Sept. 10 was National Grandparents Day. Say the word “grandparent” and most people think comforting thoughts of joy or love.
But it’s both shocking and sad to know that some con artists hear that term and think “easy victim.”
With grandparent scams on the rise, the most common scheme involves fraudsters calling and pretending to be a desperate relative asking for money. Fraudsters sometimes research social media to impersonate family members. Other times, they just name the person answering the phone “grandma” or “grandpa” and that’s all it takes.
There are several ways to educate and protect the elderly family members in your life, not just on Grandparents Day, but all yearlong. Make sure they are aware of these types of scams, and are on the lookout for distressed callers demanding swift action. Some families create and use a secret password validating the phone call and its caller.
Here are some ways you can be proactive in securing and protecting your loved ones and your own financial accounts. Make sure you discuss these with your family members and friends. Awareness is a great first step in keeping your accounts safe.
Never share personal information or account PIN numbers with callers or strangers if you didn’t initiate the call. If someone calls and says they are from your bank, even if the caller ID number or name matches, hang up and call back at a number listed on your card or statement, or visit a branch in person.
Enable the alerts and authentication protections that are offered on your accounts.
When looking into new services or providers, thoroughly research any advisor or professional that might handle or have access to your finances, even if they are recommended by a friend.
Registering with the “Do Not Call” registry is a good way to limit the number of telemarketing calls you receive.
Review accounts, statements and credit reports regularly, making sure to quickly report any discrepancies or suspicious transactions.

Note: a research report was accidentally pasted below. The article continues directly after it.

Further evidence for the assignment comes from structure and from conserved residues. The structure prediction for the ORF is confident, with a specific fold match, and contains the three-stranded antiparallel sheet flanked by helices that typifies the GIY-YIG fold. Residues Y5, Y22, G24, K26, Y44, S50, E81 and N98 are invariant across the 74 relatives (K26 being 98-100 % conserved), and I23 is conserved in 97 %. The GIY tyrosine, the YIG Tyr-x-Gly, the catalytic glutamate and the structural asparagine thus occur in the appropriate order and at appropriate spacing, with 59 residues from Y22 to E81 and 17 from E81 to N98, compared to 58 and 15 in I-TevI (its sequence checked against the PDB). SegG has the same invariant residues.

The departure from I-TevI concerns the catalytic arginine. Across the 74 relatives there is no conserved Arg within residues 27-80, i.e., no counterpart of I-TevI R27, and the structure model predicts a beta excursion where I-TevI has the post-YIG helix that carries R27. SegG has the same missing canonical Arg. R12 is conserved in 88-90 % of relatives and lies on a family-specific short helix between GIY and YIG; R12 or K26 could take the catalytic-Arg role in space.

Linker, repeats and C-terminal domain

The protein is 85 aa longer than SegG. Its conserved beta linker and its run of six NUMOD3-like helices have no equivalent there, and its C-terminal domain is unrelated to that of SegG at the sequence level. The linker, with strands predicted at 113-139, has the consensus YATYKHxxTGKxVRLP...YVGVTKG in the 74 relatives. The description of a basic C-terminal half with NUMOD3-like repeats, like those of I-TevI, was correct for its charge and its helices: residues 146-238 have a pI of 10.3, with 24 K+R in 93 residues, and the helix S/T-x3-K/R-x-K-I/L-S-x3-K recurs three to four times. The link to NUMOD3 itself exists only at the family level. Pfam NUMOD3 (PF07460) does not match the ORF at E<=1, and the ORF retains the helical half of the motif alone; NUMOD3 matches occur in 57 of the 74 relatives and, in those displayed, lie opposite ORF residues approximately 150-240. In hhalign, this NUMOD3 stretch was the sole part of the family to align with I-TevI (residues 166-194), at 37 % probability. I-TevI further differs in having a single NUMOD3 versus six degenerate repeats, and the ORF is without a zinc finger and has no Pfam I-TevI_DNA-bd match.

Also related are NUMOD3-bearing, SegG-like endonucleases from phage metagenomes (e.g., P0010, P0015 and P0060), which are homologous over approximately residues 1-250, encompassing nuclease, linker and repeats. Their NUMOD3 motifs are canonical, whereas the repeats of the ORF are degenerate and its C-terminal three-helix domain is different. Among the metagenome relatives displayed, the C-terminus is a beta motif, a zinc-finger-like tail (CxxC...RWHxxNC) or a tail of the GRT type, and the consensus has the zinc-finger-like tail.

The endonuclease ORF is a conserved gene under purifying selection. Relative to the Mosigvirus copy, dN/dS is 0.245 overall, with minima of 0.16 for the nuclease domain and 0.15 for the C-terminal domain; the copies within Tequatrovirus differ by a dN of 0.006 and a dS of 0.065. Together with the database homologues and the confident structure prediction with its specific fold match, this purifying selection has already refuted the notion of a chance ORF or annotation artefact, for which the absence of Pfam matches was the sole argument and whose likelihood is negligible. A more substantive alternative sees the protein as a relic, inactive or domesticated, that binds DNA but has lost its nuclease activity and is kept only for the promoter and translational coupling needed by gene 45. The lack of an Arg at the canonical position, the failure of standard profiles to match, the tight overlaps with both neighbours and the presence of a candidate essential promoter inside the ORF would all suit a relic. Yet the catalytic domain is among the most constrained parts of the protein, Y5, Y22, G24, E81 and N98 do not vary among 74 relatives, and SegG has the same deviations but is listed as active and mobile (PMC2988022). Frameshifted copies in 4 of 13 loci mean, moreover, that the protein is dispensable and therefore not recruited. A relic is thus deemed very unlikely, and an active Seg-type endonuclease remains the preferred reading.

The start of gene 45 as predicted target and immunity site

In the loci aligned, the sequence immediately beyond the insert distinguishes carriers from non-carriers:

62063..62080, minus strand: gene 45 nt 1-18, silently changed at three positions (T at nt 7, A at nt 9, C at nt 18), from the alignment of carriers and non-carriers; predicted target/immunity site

Besides being proactive, know that many scams involve convoluted methods of payment: asking you to buy a prepaid card, sharing numbers and security codes over the phone, or overpaying or sending you money and requesting money back.
It’s important to take your time with any financial decision. You should feel comfortable and confident about all the details. If you feel pressured or are being told you must act right now, just walk away. It’s typically someone with bad intentions who seeks to scare victims into acting fast or discourages someone from taking time to learn the important details about a financial transaction.
Nevadans are not alone in the fight against financial fraud. The state is engaged in multiple efforts to help protect the most vulnerable Nevadans. With the support of the Nevada Bankers Association, State Senators Roberta Lange and Scott Hammond recently passed a bill that expands the reporting practice of suspected fraud and allows for banks and their employees to place a hold on transactions when there is suspected exploitation of an older or vulnerable person.
The Nevada Attorney General’s Office also introduced a bill that passed the Legislature as SB61. Under this new law, the mere fact that a bank account is held jointly does not preclude criminal charges against a person accused of exploiting an older or vulnerable adult in Nevada.
While elderly and vulnerable populations are growing and are increasingly the target of fraud and exploitation, Nevada’s banks and state leaders continue to find ways to foil the fraudsters.
Phyllis Gurgevich is the CEO of the Nevada Bankers Association, the united voice of Nevada’s diverse bank and trust industry. Its members are dedicated to providing the best financial products, services and resources to drive and support economic growth, job creation and prosperity throughout Nevada.